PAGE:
P&GJ: A number of Koch companies are involved and have benefitted from the Eagle Ford Shale. Can you tell us how these companies have benefitted and the challenges this has presented?
Van Horn: Koch Pipeline has been involved in the crude oil transportation business for more than three decades. We are excited that we have existing systems in the Eagle Ford area. Our affiliate, Flint Hills Resources just celebrated its 30th anniversary of doing business in Corpus Christi. That refinery, built in the 1950s, was constructed to run domestic South Texas crude. When domestic crude production waned, it began running more foreign crude. Today, the pendulum is swinging back with the refinery running a majority of local – Eagle Ford – crude.
Other Koch companies, Koch Supply & Trading as an example, also are involved in Eagle Ford. Koch Supply & Trading has long been involved in crude oil trading – and continues that with securing Eagle Ford crude for Flint Hills’ refinery as well as other customers. Optimized Process Designs, also a Koch subsidiary, is involved in designing plants to process Eagle Ford gas production. Georgia-Pacific has developed a proppant that is used in hydraulic fracturing. So there are several Koch companies interested in Eagle Ford.
The one goal tying all together is serving customer needs.
P&GJ: I have seen figures indicating that the Corpus Christi area has benefitted with as many as 13,000 full-time local jobs and as a result of the Eagle Ford Shale and has the potential to support as many as 70,000. How many fulltime jobs do you anticipate Eagle Ford developments ultimately accounting for in Texas?
Van Horn: Eagle Ford has directly spawned an increase in headcount for us in South Texas. Six Koch Pipeline Company employees support our new Helena terminal and the new pipeline. Our ability to quickly adapt to customer needs means we’ve added 24 employees in our Corpus Christi operations headquarters and have 29 positions open currently. This will more than double our headcount there – and has increased our company-wide employment by more than 20% in the past year. Our parent company recently participated in a workforce study about our employment and its effects on local communities. Generally, for every position added in Texas, another 5.4 employees are indirectly added. So our 53 new employees result in 286 others being hired.
P&GJ: What are some of the challenges you’re facing finding qualified employees at a time when jobs has become our most pertinent issue?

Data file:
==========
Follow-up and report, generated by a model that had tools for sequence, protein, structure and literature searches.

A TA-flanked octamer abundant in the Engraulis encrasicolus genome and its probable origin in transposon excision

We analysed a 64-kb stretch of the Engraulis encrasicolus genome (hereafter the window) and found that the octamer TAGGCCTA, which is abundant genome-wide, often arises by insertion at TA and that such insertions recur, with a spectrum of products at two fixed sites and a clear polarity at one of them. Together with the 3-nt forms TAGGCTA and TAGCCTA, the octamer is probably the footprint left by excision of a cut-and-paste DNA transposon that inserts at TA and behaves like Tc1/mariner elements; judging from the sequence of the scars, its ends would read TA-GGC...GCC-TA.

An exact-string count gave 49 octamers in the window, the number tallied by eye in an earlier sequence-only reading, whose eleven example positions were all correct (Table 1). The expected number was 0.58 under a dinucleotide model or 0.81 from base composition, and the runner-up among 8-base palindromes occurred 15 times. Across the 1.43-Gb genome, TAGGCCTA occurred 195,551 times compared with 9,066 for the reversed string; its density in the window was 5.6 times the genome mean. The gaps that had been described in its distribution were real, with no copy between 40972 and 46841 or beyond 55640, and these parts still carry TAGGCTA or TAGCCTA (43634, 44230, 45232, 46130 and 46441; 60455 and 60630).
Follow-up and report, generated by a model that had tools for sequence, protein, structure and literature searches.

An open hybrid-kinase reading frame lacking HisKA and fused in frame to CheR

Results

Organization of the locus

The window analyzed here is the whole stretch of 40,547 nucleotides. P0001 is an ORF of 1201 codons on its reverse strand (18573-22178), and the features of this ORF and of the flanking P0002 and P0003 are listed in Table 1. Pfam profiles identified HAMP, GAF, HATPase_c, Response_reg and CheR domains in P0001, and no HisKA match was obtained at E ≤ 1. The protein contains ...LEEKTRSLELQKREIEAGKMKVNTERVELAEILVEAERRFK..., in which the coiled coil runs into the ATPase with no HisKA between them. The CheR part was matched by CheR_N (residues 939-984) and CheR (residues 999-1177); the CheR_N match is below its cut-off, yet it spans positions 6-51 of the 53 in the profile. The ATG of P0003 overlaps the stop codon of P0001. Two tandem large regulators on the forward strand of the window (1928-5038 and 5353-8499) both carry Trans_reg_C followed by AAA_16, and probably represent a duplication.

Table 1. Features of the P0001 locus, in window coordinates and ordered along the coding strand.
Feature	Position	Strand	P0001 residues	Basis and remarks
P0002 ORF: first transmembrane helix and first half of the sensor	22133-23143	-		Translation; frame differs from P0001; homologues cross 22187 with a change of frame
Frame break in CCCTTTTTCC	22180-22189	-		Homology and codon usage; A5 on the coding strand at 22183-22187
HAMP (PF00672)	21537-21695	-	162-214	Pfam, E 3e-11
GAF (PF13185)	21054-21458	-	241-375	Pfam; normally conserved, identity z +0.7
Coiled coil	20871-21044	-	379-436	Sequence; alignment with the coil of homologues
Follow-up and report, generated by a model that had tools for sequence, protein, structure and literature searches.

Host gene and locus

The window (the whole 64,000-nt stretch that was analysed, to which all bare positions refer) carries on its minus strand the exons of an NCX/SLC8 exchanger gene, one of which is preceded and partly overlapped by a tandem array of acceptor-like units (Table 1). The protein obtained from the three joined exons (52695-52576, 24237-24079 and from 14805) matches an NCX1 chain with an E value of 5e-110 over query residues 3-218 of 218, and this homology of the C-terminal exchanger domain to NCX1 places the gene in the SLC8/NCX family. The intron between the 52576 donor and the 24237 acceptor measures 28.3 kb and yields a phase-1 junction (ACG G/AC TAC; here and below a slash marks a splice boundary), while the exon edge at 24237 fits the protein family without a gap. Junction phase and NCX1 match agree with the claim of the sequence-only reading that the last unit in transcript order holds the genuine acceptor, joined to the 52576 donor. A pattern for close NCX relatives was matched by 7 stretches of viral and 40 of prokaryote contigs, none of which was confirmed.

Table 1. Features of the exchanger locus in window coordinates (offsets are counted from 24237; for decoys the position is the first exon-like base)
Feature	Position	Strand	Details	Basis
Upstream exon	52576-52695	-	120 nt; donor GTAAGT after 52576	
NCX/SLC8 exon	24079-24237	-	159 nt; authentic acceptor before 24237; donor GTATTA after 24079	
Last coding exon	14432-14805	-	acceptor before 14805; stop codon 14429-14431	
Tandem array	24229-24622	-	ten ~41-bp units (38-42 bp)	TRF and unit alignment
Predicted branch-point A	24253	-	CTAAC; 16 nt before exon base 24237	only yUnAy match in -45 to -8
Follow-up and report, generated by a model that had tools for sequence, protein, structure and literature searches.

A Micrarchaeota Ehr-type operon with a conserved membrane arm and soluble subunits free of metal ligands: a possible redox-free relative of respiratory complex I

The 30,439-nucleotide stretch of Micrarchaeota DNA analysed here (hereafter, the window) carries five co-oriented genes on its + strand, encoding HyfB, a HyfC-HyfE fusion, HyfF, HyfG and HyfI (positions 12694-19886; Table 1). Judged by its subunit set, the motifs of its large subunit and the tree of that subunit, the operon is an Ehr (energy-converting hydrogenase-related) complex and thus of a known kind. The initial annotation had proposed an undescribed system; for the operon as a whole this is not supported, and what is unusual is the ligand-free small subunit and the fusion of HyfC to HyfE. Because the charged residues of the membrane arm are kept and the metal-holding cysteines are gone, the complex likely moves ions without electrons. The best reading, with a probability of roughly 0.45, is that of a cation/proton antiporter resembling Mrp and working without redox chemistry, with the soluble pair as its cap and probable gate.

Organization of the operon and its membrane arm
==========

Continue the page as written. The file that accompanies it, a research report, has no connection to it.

Van Horn: The Eagle Ford boom has certainly made us step up our recruiting efforts in the rural areas where we’ve previously had no or only a limited presence. We are finding that potential employees seek us out for our commitment to safety. And we demand that total dedication and embracing of safety as our top priority.
P&GJ: What are some the different types of positions skilled vs. unskilled – are you looking for fill? How many of these are permanent vs. temporary?
Van Horn: Our positions all require some sort of skills and experience. Our most important requirement though is to live and breathe safety. We try our very best to ensure that a person will embrace our safety culture – that’s paramount. Our open positions to support our Eagle Ford operations run the gamut: engineers; right-of-way agent; health and safety specialists; operators; technicians experienced in instrument measurement, corrosion, electrical; and mechanical specialties. These employees will either work from our Texas base in Corpus Christi or be assigned to our rural field operations. The field roles are largely independent roles. Once trained, they become “owners” of the processes, make decisions and must be self-motivated.
We constantly evaluate our staffing levels. All the positions we have open now are not considered temporary.
As I mentioned earlier, we do not build pipelines, we hire companies that do that exclusively. Those construction companies likely will have cyclical needs for workers. For example, there will probably be 250 contractors working on the 20-inch pipeline’s construction.
P&GJ: How much competition is there among the various operating companies seeking to hire people?
Van Horn: We see much competition for engineers – but we see that across all companies and disciplines. We do not have a shortage of applicants – and as I mentioned, we are encouraged to see employees seek us out because of our commitment to safety.
P&GJ: What inducements do you have to offer prospective employees? Are you working with any vocational schools in trying to hire people?
Van Horn: In addition to paying competitive wages, we have a competitive benefits package. We also offer a pension, a benefit that is not as commonly offered in the marketplace as in the past, in addition to a 401(k) program. We are also committed to personal and professional growth for employees offering tuition reimbursement, support for adding technology skills and other certifications. We are not currently working with vocational schools to hire people, but we might consider such alternatives in the future depending on market conditions.
P&GJ: Has the restrictions on hiring undocumented workers had an effect in finding workers?
Van Horn: Not for us. Candidates must confirm they legally have the right to work in the U.S. to be considered for employment.